Bastin et al. do not evaluate the operational feasibility of expanding tree cover in time to tackle global warming promptly. Nor does the recent IPCC report, which discusses planting 950 Mha of new forests in just 30 years (7). Yet one early study (4) argued that to afforest 600 Mha over a 30-year period would require a planting rate 20 times the contemporary rate of 1 Mha year–1. It anticipated REDD+ by showing that more modest planting rates could suffice if afforestation proceeded in parallel with programs to reduce the rate of tropical deforestation, which is a major source of carbon emissions (4).

Bastin et al. assess the potential to increase carbon density in existing forests, using carbon densities in protected areas as benchmarks, but do not mention a pioneering methodology for making restoration assessments that was devised in the early 1990s and applied to all of tropical Asia. Starting with an FAO map of tropical forest area in Asia in 1980 derived from medium-resolution Landsat satellite data, the distribution of potential forest carbon density was determined by using Geographical Information System modeling to combine forest inventory data (8) with multiple environmental datasets. Using degradation factors developed as a function of human population density for each ecofloristic zone along a moisture gradient, actual carbon density was then mapped to identify the distribution of degraded forests that could be restored. This map agreed well with an alternative map of a global vegetation index quantified using low-resolution satellite data (9, 10).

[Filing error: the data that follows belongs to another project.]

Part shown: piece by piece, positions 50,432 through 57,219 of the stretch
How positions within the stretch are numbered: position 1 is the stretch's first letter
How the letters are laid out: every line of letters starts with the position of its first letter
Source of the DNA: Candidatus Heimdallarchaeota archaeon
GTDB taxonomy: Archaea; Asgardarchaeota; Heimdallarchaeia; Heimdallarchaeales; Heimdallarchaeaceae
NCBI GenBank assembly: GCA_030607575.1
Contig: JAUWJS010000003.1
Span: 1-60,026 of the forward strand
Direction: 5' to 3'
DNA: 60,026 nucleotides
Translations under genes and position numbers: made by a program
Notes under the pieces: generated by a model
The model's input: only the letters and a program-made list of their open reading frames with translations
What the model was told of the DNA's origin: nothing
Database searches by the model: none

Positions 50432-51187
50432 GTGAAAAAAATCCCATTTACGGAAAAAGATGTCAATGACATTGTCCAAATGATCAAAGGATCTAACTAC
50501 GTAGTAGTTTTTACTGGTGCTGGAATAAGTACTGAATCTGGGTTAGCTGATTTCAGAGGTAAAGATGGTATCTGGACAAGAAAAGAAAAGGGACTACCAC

Commenting on Bastin et al.’s paper, Chazdon and Brancalion (11) wisely stress the need to address “social and environmental issues” in tree restoration. The importance of integrating afforestation with forest conservation was recognized in 1991 (12). Early studies also estimated the costs of afforestation; for example, just to plant a 300 Mha carbonforest over 30 years would cost US$4 billion annually (4). These costs would be offset by income from converting the wood produced in the new forests into energy and harvested wood products (HWP), so these forests would be sustainable carbon sinks. The potential role of HWP in climate change mitigation is still poorly understood.

Increasingly sophisticated tools for feasibility analysis were then developed. The “technical suitability” of land for afforestation was distinguished from the “actual availability” of land on which afforestation might be socially, economically, and politically acceptable (10, 13), and the link between the level of national development (i.e., “developmental time”) and the area of actually available land was recognized in the new concept of “national forest carbon transition functions” (14). Now that climate change is shifting the potential locations of biome boundaries (15), Bastin et al. rightly allow for the influence of “climatic time” on their assessment by including alternative climate change scenarios.

If Bastin et al.’s paper gives new impetus to using forests to mitigate climate change, then the results of this early research can finally be used for the purpose for which they were originally intended.